Overexposure to UV radiation affects the skin, eyes, and probably the immune system. Many people forget that the effects of exposure to UV radiation accumulate over a lifetime. However, there may be other pathways of action of ultraviolet (UV) radiation in humans, as described in this review. One of them is the induction of cosmetic tanning (immediate darkening of pigments, persistent darkening of pigments and delayed tanning).) .Delayed tanning induced by UVB rays (increases melanin in the skin after several days) acts as a sunscreen.
Several human skin diseases, such as psoriasis, vitiligo, atopic dermatitis and localized scleroderma, can be treated with solar radiation (heliotherapy) or artificial UV radiation (phototherapy). Exposure to UV rays can suppress the clinical symptoms of multiple sclerosis regardless of vitamin D synthesis. In addition, UV rays generate nitric oxide (NO), which can lower blood pressure and, in general, improve cardiovascular health. NO induced by UVA rays can also have antimicrobial effects and, in addition, act as a neurotransmitter. Finally, exposure to UV rays can improve mood by releasing endorphins.
Damages the immune system: Excessive exposure to UV radiation has a detrimental suppressive effect on the immune system. Scientists believe that sunburn can change the distribution and function of disease-fighting white blood cells in humans up to 24 hours after exposure to Sun. Repeated overexposure to UV radiation can cause even more damage to the body's immune system. The immune system defends the body against bacteria, microbes, viruses, toxins, and parasites (diseases and infections).
To see how well the immune system works, look at how quickly something deteriorates when it dies and the immune system stops working. Skin cancer is the most common cancer in the United States. The two most common types of skin cancer are basal cell cancer and squamous cell cancer. They usually form on the head, face, neck, hands and arms because these parts of the body are the most exposed to UV radiation.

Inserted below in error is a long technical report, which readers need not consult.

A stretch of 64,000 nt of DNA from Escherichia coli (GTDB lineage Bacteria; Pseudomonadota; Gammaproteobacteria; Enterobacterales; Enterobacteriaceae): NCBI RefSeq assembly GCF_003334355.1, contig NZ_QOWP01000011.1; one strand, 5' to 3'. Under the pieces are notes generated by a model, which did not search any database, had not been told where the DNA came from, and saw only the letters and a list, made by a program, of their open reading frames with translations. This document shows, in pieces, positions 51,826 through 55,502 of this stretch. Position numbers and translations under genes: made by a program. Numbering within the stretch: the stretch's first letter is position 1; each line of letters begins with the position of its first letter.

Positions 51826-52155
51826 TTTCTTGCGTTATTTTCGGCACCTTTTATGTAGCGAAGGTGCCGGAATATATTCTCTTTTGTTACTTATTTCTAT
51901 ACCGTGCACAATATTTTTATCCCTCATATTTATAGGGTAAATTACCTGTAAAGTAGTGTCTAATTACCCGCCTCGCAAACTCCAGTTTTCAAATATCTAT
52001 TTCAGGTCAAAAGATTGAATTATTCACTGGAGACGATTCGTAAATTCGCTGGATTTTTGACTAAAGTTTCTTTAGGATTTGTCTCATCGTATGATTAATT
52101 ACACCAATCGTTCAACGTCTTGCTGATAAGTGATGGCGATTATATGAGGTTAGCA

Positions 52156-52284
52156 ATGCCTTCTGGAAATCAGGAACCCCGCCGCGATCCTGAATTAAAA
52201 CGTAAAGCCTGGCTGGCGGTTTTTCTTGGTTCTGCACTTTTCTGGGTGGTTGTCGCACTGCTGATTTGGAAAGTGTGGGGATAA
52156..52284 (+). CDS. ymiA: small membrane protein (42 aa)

Most cases of melanoma, the deadliest type of skin cancer, are caused by exposure to UV radiation. In the electromagnetic spectrum, UV light has shorter wavelengths than visible light, so the eyes can't see UV rays, but the skin can feel them. Improves vision for some animals: Some animals (including birds, bees, and reptiles) can see through nearby ultraviolet light to locate many ripe fruits, flowers, and seeds that stick out more strongly from the background. Weakens plastics: Many polymers used in consumer goods (including plastics, nylon, and polystyrene) break down or lose strength due to exposure to UV light.
Damages the eyes: prolonged exposure to UV rays or high-intensity UV rays (for example, on sun loungers) damages eye tissues and can cause a “burn” on the eye surface, which is called “snow blindness” or photokeratitis. Indoor tanning is popular, not only among Caucasians in countries with low annual UV radiation levels (northern countries) ,16,17, but also in countries with high annual UV radiation levels (Australia). Agees the skin: UV rays accelerate skin aging, as they destroy the collagen and connective tissue that lie beneath the top layer of the skin.